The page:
• Concerto for Bassoon and Orchestra (Kenneth Pasmanick, soloist)
  • 1997: New York Legends: Philip Myers, Principal Horn, New York Philharmonic
    • Three Songs for Marlboro, for Horn and Cello
  • 1997: The Nashville Symphony, cond. Kenneth Schermerhorn
    • Kokopelli: A Symphony in Three Movements
  • 2004: American Classics – David Amram
    • Songs of the Soul: A Symphony in Three Movements (Berlin Radio Orchestra, cond. Christopher WIlkins)
    • Shir L'erev Shabbat: Excerpts from a Friday Evening Service (cond. Ken Keisler)
    • Excerpts from The Final Ingredient, an Opera of the Holocaust (cond. Ken Keisler)
  • 2006: John Cerminaro: A Life of Music, Historic Live Performances
    • Concerto for Horn and Wind Symphony (John Cerminaro, soloist, Juilliard Wind Orchestra, cond. James Chambers)
  • 2014: The Chamber Music of David Amram - Live at the New York Chamber Music Festival (artists include violinist Elmira Darvarova, flutist Carol Wincenc, Face the Music Ensemble, New York Piano Quartet, hornist Howard Wall, and the David Amram Quartet)



  1. ^ a b c d e Milken Archives of Jewish Music, bio of David Amram
  2. ^ a b c d Chagollan, Steve, "The Extraordinary Career of David Amram", MusicWorld, posted at BMI.com
  3. ^ a b David Amram biography by Richard Ginell at AllMusic
  4. ^ David Amram discography at Discogs.com
  5. ^ a b c d e David Amram papers 1937–2011, New York Public Library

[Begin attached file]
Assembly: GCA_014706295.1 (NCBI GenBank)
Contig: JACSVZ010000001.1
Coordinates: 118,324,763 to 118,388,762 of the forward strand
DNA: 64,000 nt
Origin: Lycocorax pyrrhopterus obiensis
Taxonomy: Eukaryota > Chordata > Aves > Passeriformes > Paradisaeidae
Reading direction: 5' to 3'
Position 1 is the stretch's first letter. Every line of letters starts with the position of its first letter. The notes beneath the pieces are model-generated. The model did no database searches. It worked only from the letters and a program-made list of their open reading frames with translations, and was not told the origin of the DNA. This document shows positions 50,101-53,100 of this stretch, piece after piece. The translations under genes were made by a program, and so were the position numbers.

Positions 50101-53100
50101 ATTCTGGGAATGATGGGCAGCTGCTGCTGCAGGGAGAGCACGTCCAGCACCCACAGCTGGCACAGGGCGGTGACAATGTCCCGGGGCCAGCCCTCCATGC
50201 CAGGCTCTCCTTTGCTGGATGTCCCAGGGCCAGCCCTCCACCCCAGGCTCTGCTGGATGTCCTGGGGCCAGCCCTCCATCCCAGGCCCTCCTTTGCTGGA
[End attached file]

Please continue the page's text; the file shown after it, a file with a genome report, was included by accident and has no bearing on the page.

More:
6. ^ David Amram biography by Richard Ginell at AllMusic
  7. ^ a b c David Amram bio at Encyclopedia.com
  8. ^ a b Interview: "David Amram, author of Offbeat: Collaborating with Kerouac" at JerryJazzMusician, July 17, 2002
  9. ^ a b David Amram bio at ClearwaterFestival.org
  10. ^ Why the Long Face, album by Suzzy and Maggie Roche, credits at AllMusic.com
  11. ^ Amram, David, "Poetry and All That Jazz", AllAboutJazz.com, February 20, 2003
  12. ^ Amram, David, "Where I'd Rather Be: David Amram, Musician and Jazz poet", The Guardian, November 9, 2007
  13. ^ a b Interview with David Amram by Bruce Duffie, July 4, 1986
  14. ^ Bratman, David (October 2, 2007). "Variations on This Land". San Francisco Classical Voice. Retrieved October 17, 2011.
  15. ^ "2008 – 2009 Season". Symphony Silicon Valley. Retrieved October 17, 2011.
  16. ^ Olewnick, Brian, review of Betty Carter's Whatever Happened to Love? at AllMusic.com
  17. ^ Library of Congress listing for Splendor in the Grass, including Amram composer credit
  18. ^ Library of Congress listing for The Young Savages, including Amram composer/conductor/orchestrator credits
  19. ^ The Manchurian Candidate composer credits at Soundtrack.net
  20. ^ Seven Days in May, chronicle and credits at the American Film Institute
  21. ^ Seven Days in May, chronicle and credits at the British Film Institute
  22. ^ Sunday Showcase: "The American," full cast and credits at Internet Movie Database
  23. ^ David Amram, biography at All About Jazz
  24. ^ Scheck, Frank, "Isn't It Delicious: Film Review", The Hollywood Reporter, Dec. 16, 2014
  25. ^ David Amram: The First 80 Years on Vimeo
  26. ^ Vibrations: The Adventures and Musical Times of David Amram at GoodReads.com
  27. ^ Scharnhorst, Gary. Literary Eats. McFarland. p. 7.
  28. ^ Ectric, Bill, "David Amram Talks About Music", interview, January 4, 2007
  29. ^ Amram shares "Southern Stories", by Crystal Caviness, for United Press International, published August 20, 1999; archived at DavidAmram.com; retrieved February 20, 2017

External links[edit]